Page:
"This Park is Central," Commonweal,
22 April 1994, p. 30.
Following the path of a woozy mastodon of old, I cross Central Park from upper east to upper west each morning, and from upper west to upper east each afternoon.
The park is its own country, bigger than Monaco, the undulating green valley amidst the mountains of Manhattan. Crossing in the morning, past the Trefoil Arch, along the Terrace, past Bethesda Fountain, along the drive, I pass every day a serious Frenchman hustling intently from west to east. He has a young boy on each hand, one fluttering like a jib, both chattering to Papa as they go, their buckled black book bags flapping on their backs, their free hands rapidly gesticulating, as Papa leads them along.
There are camera-bearing tourists in the morning, in serious groups, who scrutinize me as an object of study as they troop into the park from the subway stop at 72nd Street and Central Park West. Their eyes are focused straight ahead, their backs are to that elegant monument, the Dakota.
On these spring days, the park is speckled with golden forsythia. In the afternoon, in small rustic gazebos with benches by the side of the lake, there are book bags thrown down, and couples talking seriously together. The Vaux iron bridges reach from one side of the lake to the other, carrying children with their dogs, and from the other side back, with a traffic of elderly German couples on promenade.
By the Bethesda Fountain, as usual, there is an advertising shoot in progress, with two tanned perfectionists in flawlessly pressed chinos, poised against the lake as background, being teased by a blue-jeaned photographer and his black-clad crew, all laughing.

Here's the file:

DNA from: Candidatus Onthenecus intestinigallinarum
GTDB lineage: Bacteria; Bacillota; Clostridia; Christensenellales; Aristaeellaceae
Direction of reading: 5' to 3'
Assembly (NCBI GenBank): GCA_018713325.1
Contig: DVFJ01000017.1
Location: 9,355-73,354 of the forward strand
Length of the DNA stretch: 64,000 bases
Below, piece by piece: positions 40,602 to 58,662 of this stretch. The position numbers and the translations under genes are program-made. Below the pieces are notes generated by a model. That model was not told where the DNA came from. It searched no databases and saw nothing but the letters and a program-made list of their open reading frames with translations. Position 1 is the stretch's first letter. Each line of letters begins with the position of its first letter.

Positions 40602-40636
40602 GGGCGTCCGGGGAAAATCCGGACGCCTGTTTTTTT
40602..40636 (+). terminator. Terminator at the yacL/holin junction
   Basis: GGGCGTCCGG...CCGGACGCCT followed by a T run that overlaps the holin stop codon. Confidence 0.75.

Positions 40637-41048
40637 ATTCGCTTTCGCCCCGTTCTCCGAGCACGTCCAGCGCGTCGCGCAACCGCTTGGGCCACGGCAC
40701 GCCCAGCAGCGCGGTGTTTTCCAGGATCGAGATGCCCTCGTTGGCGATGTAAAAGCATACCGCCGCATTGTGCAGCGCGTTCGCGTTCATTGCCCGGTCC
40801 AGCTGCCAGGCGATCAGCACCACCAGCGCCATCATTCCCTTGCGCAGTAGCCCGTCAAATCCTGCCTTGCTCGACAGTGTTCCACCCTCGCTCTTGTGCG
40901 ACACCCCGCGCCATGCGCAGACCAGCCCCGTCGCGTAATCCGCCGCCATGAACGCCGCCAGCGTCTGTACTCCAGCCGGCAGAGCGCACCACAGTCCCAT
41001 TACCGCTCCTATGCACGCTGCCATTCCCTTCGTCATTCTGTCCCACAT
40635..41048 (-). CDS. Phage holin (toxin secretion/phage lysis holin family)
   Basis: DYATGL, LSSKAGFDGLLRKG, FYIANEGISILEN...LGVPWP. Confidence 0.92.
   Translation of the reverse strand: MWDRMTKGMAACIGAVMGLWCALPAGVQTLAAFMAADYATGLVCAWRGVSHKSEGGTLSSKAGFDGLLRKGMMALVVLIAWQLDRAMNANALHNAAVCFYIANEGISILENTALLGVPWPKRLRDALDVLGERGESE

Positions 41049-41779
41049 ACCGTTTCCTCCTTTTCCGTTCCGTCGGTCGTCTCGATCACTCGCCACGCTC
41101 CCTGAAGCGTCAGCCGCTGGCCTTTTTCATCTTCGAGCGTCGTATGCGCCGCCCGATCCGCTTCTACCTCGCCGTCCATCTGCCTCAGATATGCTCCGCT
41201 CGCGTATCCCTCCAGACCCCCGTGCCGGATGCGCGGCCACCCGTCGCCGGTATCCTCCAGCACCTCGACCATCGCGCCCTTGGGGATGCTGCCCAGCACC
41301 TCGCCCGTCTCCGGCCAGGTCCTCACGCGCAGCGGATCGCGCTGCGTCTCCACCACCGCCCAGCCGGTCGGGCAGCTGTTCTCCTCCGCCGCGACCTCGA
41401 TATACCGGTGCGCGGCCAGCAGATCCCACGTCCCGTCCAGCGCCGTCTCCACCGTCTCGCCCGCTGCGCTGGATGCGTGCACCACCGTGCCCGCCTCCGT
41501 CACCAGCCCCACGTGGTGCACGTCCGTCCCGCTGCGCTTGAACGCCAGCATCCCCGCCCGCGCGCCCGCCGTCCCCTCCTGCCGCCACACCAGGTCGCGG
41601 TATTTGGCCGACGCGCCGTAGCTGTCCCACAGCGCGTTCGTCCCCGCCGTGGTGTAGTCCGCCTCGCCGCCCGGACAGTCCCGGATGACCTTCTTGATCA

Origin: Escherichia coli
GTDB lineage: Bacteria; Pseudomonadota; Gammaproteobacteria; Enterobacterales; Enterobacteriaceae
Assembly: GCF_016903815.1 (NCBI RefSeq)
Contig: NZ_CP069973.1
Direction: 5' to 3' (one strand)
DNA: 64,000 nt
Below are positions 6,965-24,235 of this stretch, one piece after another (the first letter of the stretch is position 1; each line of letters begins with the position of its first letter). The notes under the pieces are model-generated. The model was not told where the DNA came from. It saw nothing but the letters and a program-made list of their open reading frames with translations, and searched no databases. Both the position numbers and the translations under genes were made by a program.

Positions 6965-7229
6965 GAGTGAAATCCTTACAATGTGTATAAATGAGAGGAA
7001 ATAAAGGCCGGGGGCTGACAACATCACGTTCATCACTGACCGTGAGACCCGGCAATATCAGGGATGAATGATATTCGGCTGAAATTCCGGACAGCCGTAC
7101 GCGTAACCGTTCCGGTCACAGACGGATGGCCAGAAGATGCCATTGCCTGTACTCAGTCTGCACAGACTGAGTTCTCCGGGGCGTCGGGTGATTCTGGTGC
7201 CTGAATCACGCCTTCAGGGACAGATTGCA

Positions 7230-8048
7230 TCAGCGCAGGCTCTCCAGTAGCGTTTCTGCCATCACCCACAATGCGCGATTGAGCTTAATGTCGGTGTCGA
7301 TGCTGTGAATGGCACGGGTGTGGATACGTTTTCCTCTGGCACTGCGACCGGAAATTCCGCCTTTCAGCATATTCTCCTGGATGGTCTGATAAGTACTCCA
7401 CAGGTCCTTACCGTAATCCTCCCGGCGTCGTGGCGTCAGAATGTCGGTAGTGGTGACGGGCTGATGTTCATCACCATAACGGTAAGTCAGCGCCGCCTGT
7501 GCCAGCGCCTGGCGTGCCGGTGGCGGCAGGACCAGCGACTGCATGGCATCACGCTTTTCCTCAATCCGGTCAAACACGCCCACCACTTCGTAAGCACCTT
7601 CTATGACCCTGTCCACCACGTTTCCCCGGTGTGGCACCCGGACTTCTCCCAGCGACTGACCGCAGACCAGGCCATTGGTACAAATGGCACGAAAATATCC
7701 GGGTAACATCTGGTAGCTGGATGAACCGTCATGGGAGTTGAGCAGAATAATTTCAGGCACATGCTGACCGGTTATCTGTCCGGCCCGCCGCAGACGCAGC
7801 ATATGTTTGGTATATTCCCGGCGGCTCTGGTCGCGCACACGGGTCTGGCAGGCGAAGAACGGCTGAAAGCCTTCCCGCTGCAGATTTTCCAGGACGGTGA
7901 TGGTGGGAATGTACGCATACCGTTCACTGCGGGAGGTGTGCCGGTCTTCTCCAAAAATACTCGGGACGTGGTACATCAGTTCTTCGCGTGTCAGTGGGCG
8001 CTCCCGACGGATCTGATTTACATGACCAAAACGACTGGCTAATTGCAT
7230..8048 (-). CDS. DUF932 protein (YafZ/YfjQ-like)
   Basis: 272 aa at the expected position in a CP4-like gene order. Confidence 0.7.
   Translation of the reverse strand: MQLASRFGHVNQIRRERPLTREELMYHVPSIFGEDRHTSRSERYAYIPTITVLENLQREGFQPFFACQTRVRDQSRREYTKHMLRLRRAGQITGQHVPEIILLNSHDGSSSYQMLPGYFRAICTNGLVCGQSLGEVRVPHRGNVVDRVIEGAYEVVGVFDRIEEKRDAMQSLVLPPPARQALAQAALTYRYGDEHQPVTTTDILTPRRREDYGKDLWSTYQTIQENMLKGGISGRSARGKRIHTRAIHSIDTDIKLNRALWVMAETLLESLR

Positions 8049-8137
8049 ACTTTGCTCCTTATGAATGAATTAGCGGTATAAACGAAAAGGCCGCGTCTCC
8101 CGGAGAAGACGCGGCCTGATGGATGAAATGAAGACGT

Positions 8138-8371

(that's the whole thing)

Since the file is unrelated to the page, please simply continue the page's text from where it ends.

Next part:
As I approach the east side, which at this time of day and this latitude is the children's side, I see the wee folk clambering over the statue of Hans Christian Andersen, and I hear violin music from the far side of the boat basin.
There I find an elderly violinist in shining black playing to orchestral backgrounds ribboning out of his tape player. He is surrounded by babies, mothers, nannies, a young woman with two white Samoyeds, an oblivious crowd sitting at the small bar by the boathouse, luxuriating in the sunlit breezes. A tiny little boy in a down vest dances joyfully at the violinist's feet. The violinist, intelligent and benign, peers alertly down through his horn-rimmed bottle glasses with the diffident geniality of a Life senior editor, and plays on.
From here in the middle of the park, the tall buildings of Manhattan sparkle in the distance, clean and humane. Here I see no homeless, no prostitutes. There are no buildings beyond the scale of Belvedere Castle and the boathouse. The tallest and worst of the towers in the distance may look from the street as cold and claustrophobic as a Frigidaire, but from the park it is the turret of a castle glimmering in the sunlight.
It is a magical view, but not majestic, across the meadow to the towers below 59th Street, across the park to Central Park West and Fifth Avenue. It makes the walker feel privileged, like a visitor behind stage at the Metropolitan Opera, or like a welcome guest on a great estate. Unlike the view from a tall building, it is without grandiosity. If Satan had wished to tempt Jesus with modern Manhattan, he might have taken Him to the World Trade Center. No one could be tempted to power, standing in the welcoming forsythia-blooming magic circle of an April afternooon in Central Park.
Mary Campbell Gallagher, a graduate of Harvard Law School, teaches other lawyers how to write.
© Copyright Mary Campbell Gallagher, 1994.